By the end of Week 5 the base of the swimming pools was complete and then started in digging it up again. The roofing guys were well underway in fitting the steel roofing beams and the entire concrete floor base of the villa was complete.
I bought a few beers on the Saturday night and some food. I really did express my sorrow for the amount of extra work for the swimming pool. The Burmese just had a good laugh about it and thanked me for the Jack Hammer – I still felt awful for such a mistake, but mistakes happen and building a home is not always clear cut.
Week 6 started off like any other week and everyone was busy doing their work. While some of the crew worked on the swimming pool others work on the roof and the bricklayers turned up to start their work.
At this point I was blissfully unaware of any problems regarding the steel roof and it was during this week that the architect put a stop to the roofing work. Again, the architect was very good and explained to me that it was not up to the right specification. We had ordered the roofing tiles from a company called CPAC and they offer a guarantee on the tiles, but only if the steel work met the proper specifications. It didn’t and so the architect fired all the roofer and bought in a new crew, who then dismantled the entire roof and then started rebuilding it. Thankfully this was not my responsibility and so didn’t cost me anything to put right.
I did have a contingency fund for the build of 20% but the swimming pool had already taken a large chunk of this so I had to make sure that nothing else major occurred. I found that with every passing day I was talking over the plans with the architect just to make sure. All in all it was a very good learning experience and anyone building a home should understand the plans.
By the end of Week 6 the villa was really taking shape. The brickwork was well underway and and the steel roof was 90% complete. With the walls taking shape I could now walk around the villa and get a feeling for the overall size. It was huge – much bigger than I had initially thought it would be.
Week 7 was another flurry of activity. The bricklayers were hard at work building all the internal walls and the roofers where working their way towards completing the steel roof structure. We did have one issue and that was due to the last roofers making a mess of the job. It meant that CPAC, the suppliers of the tiles, needed to come out and inspect the steel before signing off and delivering the tiles and organizing one of their crews to fit the tiles. Because we had missed our appointed slot we were looking at a delay of a month which meant that we couldn’t get the building water tight and the rains were becoming more frequent. Being a tropical destination Phuket suffers from monsoons and so getting a building water tight was a priority. If you have never experienced a monsoon I can tell you it is one sight to behold – it rains as if buckets were being thrown at you. It can get so bad that you can’t see 10 feet in front of you and you have to appreciate just how powerful mother nature is.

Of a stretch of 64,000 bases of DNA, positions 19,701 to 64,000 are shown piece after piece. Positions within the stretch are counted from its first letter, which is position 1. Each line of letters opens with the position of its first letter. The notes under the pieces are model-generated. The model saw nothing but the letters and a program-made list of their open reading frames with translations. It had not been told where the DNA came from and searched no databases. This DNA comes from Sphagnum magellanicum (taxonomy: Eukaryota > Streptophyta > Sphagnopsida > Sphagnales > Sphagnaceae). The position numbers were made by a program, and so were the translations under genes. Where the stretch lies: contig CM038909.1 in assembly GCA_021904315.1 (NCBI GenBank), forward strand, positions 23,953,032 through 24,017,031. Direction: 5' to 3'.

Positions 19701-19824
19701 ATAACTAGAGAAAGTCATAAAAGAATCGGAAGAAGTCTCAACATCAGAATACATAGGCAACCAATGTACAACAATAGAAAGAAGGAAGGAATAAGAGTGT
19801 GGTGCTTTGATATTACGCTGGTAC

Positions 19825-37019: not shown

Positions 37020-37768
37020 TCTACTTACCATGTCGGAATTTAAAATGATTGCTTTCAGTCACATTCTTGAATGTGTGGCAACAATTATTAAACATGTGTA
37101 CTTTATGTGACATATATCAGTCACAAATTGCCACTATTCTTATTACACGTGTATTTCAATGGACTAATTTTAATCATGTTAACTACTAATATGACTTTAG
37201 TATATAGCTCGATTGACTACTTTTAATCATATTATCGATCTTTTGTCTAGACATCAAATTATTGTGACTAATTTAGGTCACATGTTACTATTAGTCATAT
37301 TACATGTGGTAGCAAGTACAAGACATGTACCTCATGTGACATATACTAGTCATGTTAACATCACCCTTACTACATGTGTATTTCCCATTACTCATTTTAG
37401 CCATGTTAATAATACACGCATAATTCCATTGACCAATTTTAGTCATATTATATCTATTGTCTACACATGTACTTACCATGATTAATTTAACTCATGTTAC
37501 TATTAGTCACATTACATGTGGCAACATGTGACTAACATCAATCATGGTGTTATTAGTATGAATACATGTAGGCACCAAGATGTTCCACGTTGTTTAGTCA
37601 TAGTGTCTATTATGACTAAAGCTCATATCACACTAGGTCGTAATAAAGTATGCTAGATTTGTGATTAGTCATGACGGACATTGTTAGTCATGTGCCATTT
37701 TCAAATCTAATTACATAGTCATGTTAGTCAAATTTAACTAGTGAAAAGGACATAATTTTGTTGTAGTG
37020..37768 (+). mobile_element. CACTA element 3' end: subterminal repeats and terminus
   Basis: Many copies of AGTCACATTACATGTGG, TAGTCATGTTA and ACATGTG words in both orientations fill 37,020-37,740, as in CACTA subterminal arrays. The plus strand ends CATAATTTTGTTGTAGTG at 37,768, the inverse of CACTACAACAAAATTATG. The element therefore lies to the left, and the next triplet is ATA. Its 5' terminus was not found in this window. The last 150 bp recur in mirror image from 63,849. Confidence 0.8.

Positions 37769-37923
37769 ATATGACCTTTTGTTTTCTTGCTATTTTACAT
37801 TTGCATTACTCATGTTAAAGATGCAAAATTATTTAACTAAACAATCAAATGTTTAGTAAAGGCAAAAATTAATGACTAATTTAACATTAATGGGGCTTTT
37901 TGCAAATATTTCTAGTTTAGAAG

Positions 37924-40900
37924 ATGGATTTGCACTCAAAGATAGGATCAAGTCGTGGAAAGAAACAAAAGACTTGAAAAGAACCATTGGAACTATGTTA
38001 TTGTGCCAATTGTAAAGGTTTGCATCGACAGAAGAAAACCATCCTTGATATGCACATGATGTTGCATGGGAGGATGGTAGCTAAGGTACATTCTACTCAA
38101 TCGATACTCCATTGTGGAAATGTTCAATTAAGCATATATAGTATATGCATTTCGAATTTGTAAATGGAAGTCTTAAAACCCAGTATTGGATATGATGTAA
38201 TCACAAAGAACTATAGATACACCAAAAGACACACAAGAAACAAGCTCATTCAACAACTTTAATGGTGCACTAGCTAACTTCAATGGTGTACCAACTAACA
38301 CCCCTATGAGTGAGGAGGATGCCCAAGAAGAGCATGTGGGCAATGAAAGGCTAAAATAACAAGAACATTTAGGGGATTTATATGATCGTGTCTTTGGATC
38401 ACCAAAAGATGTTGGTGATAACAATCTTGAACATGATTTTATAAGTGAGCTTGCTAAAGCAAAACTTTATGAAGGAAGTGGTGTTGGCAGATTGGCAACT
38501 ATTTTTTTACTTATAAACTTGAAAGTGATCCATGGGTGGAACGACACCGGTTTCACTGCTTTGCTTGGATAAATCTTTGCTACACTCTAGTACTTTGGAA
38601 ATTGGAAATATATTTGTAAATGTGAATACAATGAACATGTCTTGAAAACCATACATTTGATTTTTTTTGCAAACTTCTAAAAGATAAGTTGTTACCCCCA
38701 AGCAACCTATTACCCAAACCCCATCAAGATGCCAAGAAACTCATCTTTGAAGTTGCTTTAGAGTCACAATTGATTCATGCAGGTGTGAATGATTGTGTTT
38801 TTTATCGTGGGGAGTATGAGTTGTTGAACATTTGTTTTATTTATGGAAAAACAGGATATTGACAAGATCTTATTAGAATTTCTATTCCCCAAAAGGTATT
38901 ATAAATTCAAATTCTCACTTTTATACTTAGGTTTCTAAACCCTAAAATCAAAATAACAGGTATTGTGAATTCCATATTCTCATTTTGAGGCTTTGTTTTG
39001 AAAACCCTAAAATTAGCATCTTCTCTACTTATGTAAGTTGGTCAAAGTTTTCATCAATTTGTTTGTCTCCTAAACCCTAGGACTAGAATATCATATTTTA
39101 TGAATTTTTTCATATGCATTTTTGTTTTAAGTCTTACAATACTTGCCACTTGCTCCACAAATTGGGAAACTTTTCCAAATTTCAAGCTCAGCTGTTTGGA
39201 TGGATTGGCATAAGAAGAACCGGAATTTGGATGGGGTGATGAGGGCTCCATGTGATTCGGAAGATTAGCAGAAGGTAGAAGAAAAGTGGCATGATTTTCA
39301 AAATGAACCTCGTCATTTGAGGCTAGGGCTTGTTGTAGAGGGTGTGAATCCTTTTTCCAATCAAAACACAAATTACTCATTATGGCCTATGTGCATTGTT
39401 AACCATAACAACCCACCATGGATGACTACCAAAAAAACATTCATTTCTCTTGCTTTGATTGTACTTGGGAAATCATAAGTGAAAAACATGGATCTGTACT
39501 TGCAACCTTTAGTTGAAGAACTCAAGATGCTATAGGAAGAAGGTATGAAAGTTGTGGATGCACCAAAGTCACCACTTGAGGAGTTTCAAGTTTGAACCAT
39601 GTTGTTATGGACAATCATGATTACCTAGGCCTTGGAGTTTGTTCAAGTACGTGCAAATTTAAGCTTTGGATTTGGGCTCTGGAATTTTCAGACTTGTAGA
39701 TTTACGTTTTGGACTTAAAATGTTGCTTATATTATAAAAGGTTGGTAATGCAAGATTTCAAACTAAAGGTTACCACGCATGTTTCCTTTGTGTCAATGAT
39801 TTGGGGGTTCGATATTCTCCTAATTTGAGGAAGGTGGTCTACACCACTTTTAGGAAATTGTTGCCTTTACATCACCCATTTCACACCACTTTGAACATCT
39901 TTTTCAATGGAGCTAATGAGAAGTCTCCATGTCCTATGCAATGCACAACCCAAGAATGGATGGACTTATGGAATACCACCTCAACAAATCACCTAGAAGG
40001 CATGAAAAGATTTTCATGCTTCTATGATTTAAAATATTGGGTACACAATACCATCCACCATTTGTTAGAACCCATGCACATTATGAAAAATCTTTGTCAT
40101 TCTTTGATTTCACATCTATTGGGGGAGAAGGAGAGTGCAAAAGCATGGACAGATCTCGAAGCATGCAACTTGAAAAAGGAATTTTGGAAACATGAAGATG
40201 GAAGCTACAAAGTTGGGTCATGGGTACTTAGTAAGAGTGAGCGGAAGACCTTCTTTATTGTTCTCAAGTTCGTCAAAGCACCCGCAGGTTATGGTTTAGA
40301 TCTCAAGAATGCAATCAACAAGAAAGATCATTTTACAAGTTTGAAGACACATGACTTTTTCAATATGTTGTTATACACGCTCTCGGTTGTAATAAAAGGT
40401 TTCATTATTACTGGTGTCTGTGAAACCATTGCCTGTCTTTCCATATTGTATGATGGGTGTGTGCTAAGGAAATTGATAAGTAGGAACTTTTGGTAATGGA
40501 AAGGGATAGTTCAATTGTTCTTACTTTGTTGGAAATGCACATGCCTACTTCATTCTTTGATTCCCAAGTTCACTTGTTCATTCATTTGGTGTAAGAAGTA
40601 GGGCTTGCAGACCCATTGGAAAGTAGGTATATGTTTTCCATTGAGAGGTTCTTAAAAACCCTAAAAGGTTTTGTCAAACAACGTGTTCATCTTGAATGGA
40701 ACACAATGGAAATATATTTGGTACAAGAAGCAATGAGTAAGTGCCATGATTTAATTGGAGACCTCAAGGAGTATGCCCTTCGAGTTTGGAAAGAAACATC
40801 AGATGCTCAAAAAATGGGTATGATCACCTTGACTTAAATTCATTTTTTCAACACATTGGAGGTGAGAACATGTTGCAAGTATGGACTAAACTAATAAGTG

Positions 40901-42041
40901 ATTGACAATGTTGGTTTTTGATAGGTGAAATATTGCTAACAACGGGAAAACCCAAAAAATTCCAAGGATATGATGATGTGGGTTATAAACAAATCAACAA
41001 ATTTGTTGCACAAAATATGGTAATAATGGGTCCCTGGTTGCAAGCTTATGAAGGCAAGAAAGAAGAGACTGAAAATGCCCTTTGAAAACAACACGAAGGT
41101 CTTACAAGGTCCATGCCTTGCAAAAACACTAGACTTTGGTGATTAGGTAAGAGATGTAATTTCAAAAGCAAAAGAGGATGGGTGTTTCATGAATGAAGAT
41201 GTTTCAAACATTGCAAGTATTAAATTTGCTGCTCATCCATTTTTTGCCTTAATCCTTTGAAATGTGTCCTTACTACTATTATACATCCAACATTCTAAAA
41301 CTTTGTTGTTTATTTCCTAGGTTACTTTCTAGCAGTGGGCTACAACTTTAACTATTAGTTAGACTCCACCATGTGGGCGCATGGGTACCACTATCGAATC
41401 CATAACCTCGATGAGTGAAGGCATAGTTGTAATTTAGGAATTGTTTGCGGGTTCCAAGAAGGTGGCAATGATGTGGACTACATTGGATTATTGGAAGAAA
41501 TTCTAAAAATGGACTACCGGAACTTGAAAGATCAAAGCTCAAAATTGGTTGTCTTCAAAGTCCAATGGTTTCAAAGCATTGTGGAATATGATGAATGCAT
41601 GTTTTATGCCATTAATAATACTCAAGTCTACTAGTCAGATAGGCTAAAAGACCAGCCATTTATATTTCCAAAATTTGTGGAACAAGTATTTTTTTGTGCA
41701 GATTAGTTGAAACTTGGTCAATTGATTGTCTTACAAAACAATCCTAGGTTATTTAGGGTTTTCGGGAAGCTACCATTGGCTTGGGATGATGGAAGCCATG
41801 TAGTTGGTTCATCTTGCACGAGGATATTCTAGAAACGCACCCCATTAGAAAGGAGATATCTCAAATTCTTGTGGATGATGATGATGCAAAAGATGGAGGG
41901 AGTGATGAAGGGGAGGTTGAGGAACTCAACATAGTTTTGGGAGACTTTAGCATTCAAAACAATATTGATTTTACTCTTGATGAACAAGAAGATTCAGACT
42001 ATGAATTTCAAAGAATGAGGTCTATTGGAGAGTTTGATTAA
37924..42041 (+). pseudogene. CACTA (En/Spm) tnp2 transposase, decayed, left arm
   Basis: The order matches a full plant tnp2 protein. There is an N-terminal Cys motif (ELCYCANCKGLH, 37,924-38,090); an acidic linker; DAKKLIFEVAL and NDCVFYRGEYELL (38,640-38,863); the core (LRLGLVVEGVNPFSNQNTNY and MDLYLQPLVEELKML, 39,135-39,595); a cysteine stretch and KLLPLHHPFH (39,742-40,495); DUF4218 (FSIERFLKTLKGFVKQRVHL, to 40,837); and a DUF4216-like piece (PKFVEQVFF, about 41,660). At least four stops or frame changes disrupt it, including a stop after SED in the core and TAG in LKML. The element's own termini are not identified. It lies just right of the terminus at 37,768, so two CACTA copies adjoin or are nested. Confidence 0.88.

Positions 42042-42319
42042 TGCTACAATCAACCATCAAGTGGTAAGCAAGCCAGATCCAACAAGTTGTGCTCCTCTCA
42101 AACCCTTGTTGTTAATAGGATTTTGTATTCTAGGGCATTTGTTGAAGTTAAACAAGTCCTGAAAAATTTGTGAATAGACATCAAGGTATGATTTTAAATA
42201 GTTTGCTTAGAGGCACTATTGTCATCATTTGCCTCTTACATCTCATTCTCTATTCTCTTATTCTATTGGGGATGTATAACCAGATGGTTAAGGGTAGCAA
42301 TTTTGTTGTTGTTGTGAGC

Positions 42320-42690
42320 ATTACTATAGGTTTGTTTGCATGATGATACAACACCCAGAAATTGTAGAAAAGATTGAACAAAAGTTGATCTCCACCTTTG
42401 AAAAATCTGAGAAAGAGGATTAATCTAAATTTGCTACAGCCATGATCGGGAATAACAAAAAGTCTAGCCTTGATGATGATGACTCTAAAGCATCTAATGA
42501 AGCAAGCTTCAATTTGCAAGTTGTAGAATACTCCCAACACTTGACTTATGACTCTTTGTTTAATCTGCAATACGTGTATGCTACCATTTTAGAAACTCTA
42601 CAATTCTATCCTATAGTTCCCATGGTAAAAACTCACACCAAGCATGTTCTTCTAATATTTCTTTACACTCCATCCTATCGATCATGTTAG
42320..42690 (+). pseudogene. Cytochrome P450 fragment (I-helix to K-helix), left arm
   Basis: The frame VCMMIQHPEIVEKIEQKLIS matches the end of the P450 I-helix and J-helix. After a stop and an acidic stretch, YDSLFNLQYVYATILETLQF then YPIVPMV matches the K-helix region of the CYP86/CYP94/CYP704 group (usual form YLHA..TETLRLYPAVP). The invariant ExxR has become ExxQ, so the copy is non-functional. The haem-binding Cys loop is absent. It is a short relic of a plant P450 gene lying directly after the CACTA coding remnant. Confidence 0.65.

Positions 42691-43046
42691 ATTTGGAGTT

By the end of Week 7 the Villa really was transformed. The roofing guys had finished installing all the main steel beams and the bricklayer had not only finished all the external walls but made real progress to the internal walls as well. We even had the new road surface installed leading to the villa. It was taking shape so fast and I was spending more and more time on-site to watch the progress and learn as much as I could.
At the start of Week 8 things looked really good, apart from the swimming pool. It looked like a bomb site as it was still being dug up, but the rest of the villa was coming along nicely and I knew the Burmese crew would do a good job of the swimming pool – I just had to grin and bare it while they tore it apart.
Walking around the internal of the villa now, with the brick work complete I got a true sense of the amount of living space the villa had. The picture “Inside the Villa – Living Area” was looking great. The idea behind the design was for it to be open to the back of the house, so that you had great views over the pool and into the jungle. There was going to be a fair amount of glass to capitalize on the views.
The remainder of Week 8 continued with the building of the internal walls, all of which were double skinned to help with soundproofing from one room to another. The villa had a total of 4 bedrooms, each to include it’s own en-suite. Then there was the open plan living and dining area. The kitchen and utility room completed the villa with a 2 Car carport.
The end of Week 8 arrived and the roofing guys had completed the job. It was now time to tile the roof, but with the delays due to the first set of roofers, there were no tiles, or tilers to do do the job. We just had to concentrate on other areas of the build and wait for our new allotted time from CPAC.
I really couldn’t complain, so much had been achieved in just 8 Weeks!
Well that’s it for Part 3. Tomorrow we’ll take you through the next 4 week period. Everything appears, on the surface, to be a normal build. A few ups and downs, but that is expected. What lies beneath will change this fellas life forever – he’s lucky he’s alive to tell the tale. Check back tomorrow for Part 4.